Count Vittorio Alfieri
gentlemen at table,
usurers in the counting house
– besides they take advantage
of every public calamity.’
3. I have the
feeling I have lived too long.
Everywhere about me there is something wrong
which has no prospect of being put right
because other people think it’s alright.
8. Capitalism is
the robbery of the people by the people
for the people. Winner takes all. If I was a young man
I’d be out on the street. But I’m worried about my pension
and the exchange rate. And offshore investments. What happpened
to the revolution has happened to me. It has grown old
and tired and corrupt in a petty way. Still I think they’re prats
to put up with what I have. Though I haven’t suffered, yet.
10. There’s not enough to go round.
But there is enough to square
if you’re in the inner circle.
No need to despair.
Just keep your feet on the ground,
and pick up what any jerk will.
My approach was to miss classes,
and leave the results in God’s hands,
but since everybody passes
the last one, I am confident
of being successful in the end.
20. Money is the
root of all strife
and religion the flower, my mother said.
That is not to say the tree of life
oughtn’t to be surely grounded,
and grow to fruition as nature intended.
But the laws of evil are up-ended.
The flower once at war with the roots
is now withering in deadwood.
revolution is in the wrong hands.
The weak don’t inherit the earth. The handstands
of acrobats accompanied by brass bands
are all very amusing. Out in the street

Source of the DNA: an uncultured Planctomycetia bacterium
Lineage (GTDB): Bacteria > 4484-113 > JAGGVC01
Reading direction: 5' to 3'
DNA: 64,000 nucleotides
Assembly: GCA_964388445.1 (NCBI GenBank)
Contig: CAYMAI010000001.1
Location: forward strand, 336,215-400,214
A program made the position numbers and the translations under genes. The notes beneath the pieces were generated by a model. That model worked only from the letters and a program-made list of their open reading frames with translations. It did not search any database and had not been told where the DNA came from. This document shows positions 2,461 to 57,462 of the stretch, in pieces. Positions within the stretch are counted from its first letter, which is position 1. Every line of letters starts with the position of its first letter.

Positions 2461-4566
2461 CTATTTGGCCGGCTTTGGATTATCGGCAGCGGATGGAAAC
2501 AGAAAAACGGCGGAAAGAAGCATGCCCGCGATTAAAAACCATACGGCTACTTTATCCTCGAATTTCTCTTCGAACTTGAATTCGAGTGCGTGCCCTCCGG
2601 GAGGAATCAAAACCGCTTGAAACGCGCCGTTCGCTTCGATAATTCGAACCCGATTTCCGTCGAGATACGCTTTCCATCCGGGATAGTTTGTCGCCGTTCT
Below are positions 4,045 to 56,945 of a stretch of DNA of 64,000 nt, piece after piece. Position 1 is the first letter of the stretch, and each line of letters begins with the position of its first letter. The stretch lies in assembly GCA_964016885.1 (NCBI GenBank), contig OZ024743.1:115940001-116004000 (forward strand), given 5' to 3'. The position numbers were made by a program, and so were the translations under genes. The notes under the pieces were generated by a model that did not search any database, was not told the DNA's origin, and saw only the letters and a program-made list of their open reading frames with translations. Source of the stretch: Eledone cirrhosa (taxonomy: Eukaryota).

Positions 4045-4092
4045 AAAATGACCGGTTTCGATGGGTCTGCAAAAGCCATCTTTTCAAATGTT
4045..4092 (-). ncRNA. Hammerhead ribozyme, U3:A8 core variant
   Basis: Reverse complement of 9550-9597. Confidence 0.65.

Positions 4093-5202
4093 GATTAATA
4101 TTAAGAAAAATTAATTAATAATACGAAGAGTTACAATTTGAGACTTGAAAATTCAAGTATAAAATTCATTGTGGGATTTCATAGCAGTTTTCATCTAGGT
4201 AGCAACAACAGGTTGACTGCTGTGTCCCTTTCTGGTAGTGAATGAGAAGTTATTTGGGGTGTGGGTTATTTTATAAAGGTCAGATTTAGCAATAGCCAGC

you need suicide bombers, and fresh meat,
to get the full attention of the élite.
26. Killed my new
born in the bath
and put her in the deep freeze.
Then put on my Sunday hat
and jumped off the railway bridge.
Funeral private. No flowers please.
32. Nature is not
with what it’s made of man.
Says, he’s no better than
a sanctimonious beast.
Man, though, gets its back on
his primordial patron
by quasi-ecological means
(everybody eat up your greens).
And soon both will have ceased
in their struggle to co-exist.
34. If life is
only a matter of time,
clocks merely tell us we are dying.
More life-enhancing, to circumvent
the inevitable appointment
is a sundial, in a gloomy clime.
So you can forget where the time went.
37. Today I’m in
a terrible fury
for no good reason. What’s called, being beside
yourself. But tomorrow the cure will be
discovering a cause. Thus justified,
I am restored to the best of humours.
I presume it’s all a matter of pride.
And next day I’m back with the fumers.
Incontinence of temperament’s a rocky ride.
‘As you chose
your park bench so you must lie on it’,
says the clochard in smoking jacket and gray pants.
He offers me a cigar that’s already lit,
and takes the money. ‘It’s always safe in my hands,
as long as you don’t ask it back.’ Out of the deep
of his sack he fishes out a sealskin ledger,
and a pen dangling from his mobile, a keep
from a Total seminar. He is on edge, or
rather, not being used to a tight belt, the wriggle
of his potbelly pops a button of his shirt.
I sign along the dotted line, and my squiggle
makes his lips smack. I throw away the pen. The earth
is turning to mud under our feet. When we stand up
our boots are leaking, and the ground begins to suck...